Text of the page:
So last night I hung out at the office until it was time to head over to UVA's Chemistry building to see Michael Cunningham. I kind of got lost on the way by following a small crowd (never do that), ignorantly assuming that *of course* everyone was flocking to see him--but apparently, there was a performance of classical music going on as well.
Anyway, it turned out I wasn't late at all. As I started up the stairs to the auditorium, I heard a familiar voice and realized that he was three feet ahead of me. I sheepishly slowed down and found a seat.
After a lengthy introduction by one of the members of the English Department (and a personal friend of his), Cunningham announced that this would be his last reading from The Hours as his new novel, Specimen Days, will be out in June, and he will soon be obliged to move on to it in readings. He made a couple of brief introductory statements ranging from literature's powers of consolation to his surprise at Meryl Streep being cast in the film (he still seems slightly astonished at the whole thing).
He read the portion about Laura Brown baking the cake...Kitty's visit...and the night of her husband's birthday. He was expressive, but wry...and wears glasses to read.
After the applause died down, he left the podium. It was announced that there would be no Q&A, but that as he was "a most approachable man," we were free to go talk to him and get any books signed.
This really disappointed me. It was great listening to him read, but despite the inevitable appearance of "the Same Five Questions®", I really like Q&A sessions. I saw Salman Rushdie speak a couple years ago, and the Q&A was easily the best conversation on literature I'd heard in years. You can get a sense of the author...and anything can happen.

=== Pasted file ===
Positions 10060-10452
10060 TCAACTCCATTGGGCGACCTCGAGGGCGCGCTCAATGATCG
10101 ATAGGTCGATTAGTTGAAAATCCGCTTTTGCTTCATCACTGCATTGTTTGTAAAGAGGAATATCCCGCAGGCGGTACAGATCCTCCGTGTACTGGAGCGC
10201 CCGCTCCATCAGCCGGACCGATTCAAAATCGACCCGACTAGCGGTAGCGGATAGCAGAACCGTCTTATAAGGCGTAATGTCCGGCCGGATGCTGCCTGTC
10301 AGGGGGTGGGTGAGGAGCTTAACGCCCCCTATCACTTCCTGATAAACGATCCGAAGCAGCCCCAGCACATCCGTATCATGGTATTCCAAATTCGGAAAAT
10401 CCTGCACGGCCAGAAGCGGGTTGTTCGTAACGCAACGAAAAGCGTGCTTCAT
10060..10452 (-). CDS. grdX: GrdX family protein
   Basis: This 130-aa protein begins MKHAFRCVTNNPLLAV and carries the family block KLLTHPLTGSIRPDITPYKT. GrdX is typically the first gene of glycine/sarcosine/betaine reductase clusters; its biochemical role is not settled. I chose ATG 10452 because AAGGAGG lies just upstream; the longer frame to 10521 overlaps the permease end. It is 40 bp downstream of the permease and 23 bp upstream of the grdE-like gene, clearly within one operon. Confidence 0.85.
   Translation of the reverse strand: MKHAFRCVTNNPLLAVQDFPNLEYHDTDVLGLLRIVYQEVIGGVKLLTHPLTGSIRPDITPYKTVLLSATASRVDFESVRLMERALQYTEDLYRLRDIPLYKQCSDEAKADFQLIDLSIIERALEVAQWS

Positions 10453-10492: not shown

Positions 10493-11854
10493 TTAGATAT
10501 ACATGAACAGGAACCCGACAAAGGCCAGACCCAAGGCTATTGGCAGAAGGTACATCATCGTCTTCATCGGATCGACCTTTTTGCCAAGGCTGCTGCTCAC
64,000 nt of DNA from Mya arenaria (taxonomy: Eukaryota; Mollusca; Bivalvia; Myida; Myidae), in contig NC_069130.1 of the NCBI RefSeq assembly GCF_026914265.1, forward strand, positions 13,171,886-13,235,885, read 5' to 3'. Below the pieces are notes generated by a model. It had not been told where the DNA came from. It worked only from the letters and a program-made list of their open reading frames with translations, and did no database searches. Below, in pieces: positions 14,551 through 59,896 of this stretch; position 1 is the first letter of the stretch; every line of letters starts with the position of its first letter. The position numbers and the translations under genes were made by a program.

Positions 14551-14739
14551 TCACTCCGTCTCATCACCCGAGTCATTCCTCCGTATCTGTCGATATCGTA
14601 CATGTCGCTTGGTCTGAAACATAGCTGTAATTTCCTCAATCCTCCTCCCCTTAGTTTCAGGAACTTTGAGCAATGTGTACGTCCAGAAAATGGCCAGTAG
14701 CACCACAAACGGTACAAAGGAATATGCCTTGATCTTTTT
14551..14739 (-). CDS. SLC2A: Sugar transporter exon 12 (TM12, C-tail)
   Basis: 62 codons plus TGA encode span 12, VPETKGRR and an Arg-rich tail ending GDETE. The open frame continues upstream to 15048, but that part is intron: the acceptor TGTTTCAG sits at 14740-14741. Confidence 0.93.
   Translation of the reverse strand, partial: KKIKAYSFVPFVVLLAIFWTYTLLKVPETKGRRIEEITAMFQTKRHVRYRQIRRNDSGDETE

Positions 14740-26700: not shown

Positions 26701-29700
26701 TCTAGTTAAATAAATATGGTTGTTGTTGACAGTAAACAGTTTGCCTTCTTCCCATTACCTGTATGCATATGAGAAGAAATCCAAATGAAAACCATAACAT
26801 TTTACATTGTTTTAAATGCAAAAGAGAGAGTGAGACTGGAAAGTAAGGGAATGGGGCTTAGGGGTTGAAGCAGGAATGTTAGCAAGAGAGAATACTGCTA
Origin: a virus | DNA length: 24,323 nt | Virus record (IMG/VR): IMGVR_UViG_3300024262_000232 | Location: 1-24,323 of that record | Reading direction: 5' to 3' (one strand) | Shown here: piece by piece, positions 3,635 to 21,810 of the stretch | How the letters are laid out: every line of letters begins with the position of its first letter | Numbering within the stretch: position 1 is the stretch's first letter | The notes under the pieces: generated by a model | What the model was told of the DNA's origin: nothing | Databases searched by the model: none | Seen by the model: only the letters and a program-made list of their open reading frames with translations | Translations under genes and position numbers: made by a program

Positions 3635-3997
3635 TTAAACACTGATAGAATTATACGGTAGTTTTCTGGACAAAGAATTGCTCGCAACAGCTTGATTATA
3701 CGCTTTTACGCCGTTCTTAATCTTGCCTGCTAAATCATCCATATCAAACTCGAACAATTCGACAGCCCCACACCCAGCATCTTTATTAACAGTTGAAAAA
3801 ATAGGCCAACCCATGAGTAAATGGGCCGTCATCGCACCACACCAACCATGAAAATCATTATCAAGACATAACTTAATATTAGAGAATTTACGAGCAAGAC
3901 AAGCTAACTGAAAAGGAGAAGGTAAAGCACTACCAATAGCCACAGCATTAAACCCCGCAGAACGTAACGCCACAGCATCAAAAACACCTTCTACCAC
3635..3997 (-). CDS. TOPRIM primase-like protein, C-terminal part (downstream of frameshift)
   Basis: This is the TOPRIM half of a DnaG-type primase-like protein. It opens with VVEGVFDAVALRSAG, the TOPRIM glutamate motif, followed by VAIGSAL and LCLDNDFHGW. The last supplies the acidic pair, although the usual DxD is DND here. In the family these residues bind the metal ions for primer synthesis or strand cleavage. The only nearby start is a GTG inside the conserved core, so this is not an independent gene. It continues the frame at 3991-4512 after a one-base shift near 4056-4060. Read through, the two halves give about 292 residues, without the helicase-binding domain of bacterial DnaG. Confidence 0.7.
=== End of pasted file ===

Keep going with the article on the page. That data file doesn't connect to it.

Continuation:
I don't know whose decision this was. If there had been some sort of emergency, I would've understood--and Cunningham seems like a very gracious person. As it is, I got the distinct impression that the offhand manner of the English prof was due to his over-familiarity with author readings. And then there were the college kids who were there just for the extra credit. They fled the room as soon as the reading was over.
People at large universities like this seem to be oblivious to what they have. It galls me that such things can be taken for granted so blithely, as if they were common occurrences that don't mean much.
Meanwhile, vagabond ex-lit majors like myself dive for the crumbs that fall from their well-supplied table...
Incidentally, "On this day in 1917 Leonard and Virginia Woolf purchased a small, used handpress":
Virginia Woolf did not think much of her doctors and treatments. In July, 1910, after pounds of food and days of bed-rest, she wrote to her sister, "I feel my brains, like a pear, to see if its ripe; it will be exquisite by September". But she did not seem to think Freud much good either, or as good for her and her writing as her own "autoanalysis". In a 1920 essay on "Freudian Fiction" she mocks both "the new psychology" and the new tendency to turn "characters into cases" and life into happily-ever-after:
"A patient who has never heard a canary sing without falling down in a fit can now walk through an avenue of cages without a twinge of emotion since he has faced the fact that his mother kissed him in his cradle. The triumphs of science are beautifully positive."